Critical care nursing education at the baccalaureate level: study of employment and job satisfaction.
To examine the employment patterns of nurses who completed an undergraduate course in critical care nursing (CCN); examine the impact of the course on job satisfaction; and compare the job satisfaction of critical care nurses who completed a course at the baccalaureate level and a control group of nurses in critical care who did not have these educational experiences.
Ten hospitals in the midwest in which graduates of a CCN course at the BSN level were in practice.
There were two groups of participants: 42 nurses prepared at the undergraduate level for critical care and 59 critical care nurses from the same units.
Employment patterns and job satisfaction measured by Stamps and Piedmonte's Index of Work Satisfaction instrument.
Most (n = 33, 78.6%) graduates entered critical care as their first position in nursing. At the time of follow-up, these graduates remained in CCN practice. The findings suggested that completion of an undergraduate course enabled students to enter critical care as new graduates. Results of a Mann-Whitney U test indicated no differences in job satisfaction between nurses who remained in critical care and those practicing in non-critical care units. There were no significant differences in total job satisfaction or in any of its component scores between graduates of the course and the control group of critical care nurses. Both groups were least satisfied with pay and most satisfied with their interactions with others on the unit.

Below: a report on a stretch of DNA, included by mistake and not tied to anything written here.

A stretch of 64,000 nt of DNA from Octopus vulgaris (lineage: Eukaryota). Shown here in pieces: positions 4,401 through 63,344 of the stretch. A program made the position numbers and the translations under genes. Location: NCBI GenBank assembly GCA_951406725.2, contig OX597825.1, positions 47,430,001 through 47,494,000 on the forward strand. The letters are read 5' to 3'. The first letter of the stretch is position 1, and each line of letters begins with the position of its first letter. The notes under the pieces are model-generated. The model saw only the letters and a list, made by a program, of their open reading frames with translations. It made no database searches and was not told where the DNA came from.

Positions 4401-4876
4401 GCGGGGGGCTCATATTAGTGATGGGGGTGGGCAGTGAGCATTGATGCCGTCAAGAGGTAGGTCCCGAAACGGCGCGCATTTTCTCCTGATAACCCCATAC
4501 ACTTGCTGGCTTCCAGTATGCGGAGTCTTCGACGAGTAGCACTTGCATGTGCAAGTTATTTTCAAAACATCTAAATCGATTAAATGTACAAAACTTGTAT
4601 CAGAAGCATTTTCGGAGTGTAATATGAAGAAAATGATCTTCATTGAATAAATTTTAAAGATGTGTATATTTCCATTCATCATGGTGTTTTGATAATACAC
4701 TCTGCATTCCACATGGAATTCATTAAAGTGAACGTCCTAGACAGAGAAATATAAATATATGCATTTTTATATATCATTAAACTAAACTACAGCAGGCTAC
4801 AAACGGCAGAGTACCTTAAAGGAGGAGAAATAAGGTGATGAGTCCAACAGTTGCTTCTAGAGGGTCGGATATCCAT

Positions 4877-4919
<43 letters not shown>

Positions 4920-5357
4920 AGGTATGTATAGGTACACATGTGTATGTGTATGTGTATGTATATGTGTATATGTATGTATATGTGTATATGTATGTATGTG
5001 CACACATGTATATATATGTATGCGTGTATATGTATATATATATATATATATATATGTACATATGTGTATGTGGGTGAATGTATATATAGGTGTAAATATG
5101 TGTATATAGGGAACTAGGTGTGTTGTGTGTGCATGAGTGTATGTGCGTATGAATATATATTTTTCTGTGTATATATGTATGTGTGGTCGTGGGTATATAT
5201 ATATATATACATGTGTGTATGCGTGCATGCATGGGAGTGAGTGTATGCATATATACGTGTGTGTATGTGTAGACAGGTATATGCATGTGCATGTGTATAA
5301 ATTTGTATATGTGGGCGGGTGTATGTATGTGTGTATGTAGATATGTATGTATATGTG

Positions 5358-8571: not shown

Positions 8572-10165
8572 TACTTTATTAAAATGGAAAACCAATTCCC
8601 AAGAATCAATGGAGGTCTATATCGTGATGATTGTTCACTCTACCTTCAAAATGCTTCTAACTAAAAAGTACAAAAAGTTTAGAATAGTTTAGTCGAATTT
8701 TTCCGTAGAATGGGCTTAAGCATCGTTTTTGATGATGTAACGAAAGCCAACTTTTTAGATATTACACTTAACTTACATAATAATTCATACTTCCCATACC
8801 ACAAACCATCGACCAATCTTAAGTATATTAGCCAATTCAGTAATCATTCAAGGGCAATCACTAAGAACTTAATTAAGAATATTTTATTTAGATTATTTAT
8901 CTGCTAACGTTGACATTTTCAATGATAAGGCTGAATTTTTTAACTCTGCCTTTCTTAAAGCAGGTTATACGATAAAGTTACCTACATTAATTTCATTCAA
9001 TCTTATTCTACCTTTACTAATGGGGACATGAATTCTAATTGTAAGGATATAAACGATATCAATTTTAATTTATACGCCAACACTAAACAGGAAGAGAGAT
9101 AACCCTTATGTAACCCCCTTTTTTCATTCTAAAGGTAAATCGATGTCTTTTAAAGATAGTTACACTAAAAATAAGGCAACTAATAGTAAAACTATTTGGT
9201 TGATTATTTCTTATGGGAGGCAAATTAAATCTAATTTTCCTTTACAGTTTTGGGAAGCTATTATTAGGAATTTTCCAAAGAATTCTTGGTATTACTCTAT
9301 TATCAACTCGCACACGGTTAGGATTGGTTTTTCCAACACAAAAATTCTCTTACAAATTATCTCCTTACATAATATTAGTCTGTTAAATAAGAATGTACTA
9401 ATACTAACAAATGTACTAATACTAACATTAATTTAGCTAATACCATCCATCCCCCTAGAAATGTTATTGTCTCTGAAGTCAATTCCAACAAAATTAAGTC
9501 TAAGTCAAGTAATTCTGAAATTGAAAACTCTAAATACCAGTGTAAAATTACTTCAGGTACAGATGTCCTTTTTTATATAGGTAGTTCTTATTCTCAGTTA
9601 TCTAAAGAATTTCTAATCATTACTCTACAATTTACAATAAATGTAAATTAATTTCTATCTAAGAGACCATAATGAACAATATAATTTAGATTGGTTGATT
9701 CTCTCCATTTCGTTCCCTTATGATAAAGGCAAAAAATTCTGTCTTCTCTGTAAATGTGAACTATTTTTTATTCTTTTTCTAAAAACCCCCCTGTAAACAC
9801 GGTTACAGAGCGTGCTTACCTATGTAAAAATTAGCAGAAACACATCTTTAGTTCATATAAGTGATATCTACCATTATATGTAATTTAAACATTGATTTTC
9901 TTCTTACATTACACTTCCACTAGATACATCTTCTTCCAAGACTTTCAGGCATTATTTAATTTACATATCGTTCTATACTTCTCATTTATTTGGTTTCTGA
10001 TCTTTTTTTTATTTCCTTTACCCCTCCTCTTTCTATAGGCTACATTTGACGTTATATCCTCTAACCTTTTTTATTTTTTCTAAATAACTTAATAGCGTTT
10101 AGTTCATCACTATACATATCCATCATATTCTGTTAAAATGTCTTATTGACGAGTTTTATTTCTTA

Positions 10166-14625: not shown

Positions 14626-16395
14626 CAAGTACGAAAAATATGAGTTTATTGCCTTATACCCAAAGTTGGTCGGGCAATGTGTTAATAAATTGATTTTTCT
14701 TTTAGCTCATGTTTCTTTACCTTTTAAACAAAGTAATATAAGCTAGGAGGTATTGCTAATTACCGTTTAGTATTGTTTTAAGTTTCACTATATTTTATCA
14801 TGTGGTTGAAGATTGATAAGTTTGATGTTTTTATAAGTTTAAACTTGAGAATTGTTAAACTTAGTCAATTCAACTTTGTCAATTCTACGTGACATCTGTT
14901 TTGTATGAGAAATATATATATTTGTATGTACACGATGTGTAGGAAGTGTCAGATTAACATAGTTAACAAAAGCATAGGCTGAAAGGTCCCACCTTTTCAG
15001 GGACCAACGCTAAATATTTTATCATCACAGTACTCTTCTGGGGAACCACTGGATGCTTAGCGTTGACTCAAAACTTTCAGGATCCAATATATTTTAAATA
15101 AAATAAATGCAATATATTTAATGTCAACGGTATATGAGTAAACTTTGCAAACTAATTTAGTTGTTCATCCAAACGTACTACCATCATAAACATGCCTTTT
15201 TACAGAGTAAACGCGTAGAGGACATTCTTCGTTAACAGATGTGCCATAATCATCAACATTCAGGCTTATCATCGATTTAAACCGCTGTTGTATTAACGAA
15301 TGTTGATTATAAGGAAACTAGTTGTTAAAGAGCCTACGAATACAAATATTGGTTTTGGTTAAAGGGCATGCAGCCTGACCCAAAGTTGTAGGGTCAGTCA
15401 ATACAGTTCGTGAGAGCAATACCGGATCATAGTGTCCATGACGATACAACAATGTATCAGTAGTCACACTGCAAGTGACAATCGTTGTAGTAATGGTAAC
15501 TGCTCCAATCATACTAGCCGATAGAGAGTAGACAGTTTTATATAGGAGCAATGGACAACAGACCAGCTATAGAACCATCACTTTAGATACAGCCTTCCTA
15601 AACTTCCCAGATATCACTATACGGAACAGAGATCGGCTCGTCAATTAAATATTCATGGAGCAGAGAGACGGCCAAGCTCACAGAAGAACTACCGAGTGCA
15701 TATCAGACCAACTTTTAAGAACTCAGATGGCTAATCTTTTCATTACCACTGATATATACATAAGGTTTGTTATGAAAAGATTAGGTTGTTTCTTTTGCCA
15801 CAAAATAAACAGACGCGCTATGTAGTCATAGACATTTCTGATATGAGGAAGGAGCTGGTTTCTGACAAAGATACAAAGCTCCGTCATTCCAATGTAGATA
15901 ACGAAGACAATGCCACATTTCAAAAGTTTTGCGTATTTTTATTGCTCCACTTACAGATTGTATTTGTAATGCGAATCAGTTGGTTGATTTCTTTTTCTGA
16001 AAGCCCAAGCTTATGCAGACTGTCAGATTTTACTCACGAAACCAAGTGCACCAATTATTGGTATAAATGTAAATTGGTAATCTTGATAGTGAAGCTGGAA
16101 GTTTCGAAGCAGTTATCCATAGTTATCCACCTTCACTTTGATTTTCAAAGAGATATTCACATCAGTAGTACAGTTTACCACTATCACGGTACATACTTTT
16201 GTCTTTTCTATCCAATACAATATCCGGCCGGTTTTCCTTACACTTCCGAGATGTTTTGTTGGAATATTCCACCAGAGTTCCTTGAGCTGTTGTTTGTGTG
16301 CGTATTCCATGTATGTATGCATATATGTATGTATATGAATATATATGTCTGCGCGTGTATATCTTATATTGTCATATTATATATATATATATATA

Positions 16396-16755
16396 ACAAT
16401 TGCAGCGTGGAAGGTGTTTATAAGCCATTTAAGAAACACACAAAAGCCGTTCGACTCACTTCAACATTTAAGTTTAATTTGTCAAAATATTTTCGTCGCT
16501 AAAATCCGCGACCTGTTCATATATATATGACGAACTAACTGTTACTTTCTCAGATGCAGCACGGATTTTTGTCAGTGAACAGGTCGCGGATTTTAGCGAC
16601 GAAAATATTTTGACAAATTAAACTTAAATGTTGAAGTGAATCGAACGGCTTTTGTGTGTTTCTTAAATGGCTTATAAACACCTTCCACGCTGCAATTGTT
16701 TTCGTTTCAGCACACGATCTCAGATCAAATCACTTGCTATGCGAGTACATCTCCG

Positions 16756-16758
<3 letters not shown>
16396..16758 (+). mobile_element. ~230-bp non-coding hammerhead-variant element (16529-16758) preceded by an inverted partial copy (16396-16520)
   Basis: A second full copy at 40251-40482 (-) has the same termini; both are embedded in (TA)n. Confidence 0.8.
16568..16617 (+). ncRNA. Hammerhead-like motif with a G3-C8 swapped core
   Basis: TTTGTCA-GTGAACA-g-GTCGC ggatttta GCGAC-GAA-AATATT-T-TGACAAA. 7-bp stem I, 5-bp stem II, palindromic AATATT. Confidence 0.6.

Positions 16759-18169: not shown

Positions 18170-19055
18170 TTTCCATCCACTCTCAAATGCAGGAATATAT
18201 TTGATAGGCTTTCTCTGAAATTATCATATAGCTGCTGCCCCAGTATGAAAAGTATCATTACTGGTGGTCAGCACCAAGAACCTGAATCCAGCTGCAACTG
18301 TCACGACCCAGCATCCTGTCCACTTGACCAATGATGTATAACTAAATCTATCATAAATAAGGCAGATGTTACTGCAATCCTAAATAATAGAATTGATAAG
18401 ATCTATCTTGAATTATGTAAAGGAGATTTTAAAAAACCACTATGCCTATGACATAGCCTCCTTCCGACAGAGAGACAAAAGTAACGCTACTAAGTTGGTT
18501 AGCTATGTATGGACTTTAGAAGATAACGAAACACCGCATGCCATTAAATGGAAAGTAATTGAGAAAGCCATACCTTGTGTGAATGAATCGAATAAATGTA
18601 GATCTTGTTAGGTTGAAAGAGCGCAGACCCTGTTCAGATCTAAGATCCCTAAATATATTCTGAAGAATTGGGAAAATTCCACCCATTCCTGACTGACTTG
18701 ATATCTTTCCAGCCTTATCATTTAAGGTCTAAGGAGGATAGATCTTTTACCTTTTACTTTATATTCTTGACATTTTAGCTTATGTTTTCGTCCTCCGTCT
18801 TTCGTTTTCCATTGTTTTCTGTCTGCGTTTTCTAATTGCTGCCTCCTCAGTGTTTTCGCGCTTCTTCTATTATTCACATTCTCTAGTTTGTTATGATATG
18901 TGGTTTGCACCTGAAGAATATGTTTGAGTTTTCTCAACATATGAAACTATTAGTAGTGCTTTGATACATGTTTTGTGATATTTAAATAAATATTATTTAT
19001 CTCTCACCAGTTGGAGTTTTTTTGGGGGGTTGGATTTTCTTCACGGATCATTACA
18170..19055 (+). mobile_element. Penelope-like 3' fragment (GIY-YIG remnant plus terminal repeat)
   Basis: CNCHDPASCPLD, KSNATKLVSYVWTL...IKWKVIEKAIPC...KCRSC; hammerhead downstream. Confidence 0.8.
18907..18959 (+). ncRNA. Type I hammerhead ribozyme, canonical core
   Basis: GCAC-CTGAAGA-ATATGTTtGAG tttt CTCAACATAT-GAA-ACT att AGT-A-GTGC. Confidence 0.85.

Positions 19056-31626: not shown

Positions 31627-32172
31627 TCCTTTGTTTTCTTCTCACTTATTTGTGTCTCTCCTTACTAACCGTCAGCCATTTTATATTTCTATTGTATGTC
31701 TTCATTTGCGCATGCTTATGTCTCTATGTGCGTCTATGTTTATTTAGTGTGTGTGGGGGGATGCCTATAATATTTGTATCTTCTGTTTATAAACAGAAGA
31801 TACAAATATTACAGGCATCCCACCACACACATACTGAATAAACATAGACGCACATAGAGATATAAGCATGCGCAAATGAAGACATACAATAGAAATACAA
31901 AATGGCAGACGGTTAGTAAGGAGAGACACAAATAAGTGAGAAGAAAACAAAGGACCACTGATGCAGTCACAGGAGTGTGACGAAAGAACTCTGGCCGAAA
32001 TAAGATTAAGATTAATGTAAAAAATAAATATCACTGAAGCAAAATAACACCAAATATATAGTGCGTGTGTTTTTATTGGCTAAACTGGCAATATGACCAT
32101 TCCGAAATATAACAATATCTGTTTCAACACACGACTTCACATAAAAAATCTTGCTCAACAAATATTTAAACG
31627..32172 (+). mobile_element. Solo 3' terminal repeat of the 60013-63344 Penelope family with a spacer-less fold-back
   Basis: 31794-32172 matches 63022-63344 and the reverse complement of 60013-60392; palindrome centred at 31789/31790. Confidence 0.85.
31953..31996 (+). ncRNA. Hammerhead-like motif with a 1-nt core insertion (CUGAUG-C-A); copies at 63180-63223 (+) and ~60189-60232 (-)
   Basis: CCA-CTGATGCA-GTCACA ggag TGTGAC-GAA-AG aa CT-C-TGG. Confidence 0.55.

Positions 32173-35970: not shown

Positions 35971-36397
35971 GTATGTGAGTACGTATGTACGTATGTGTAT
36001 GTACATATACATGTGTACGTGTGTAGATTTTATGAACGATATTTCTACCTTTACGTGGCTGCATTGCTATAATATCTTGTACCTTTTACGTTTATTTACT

Although educational experiences in critical care at the undergraduate level did not influence job satisfaction, other benefits of this education were suggested by the findings. Completion of an undergraduate CCN course enabled graduates to enter critical care as their first practice position.
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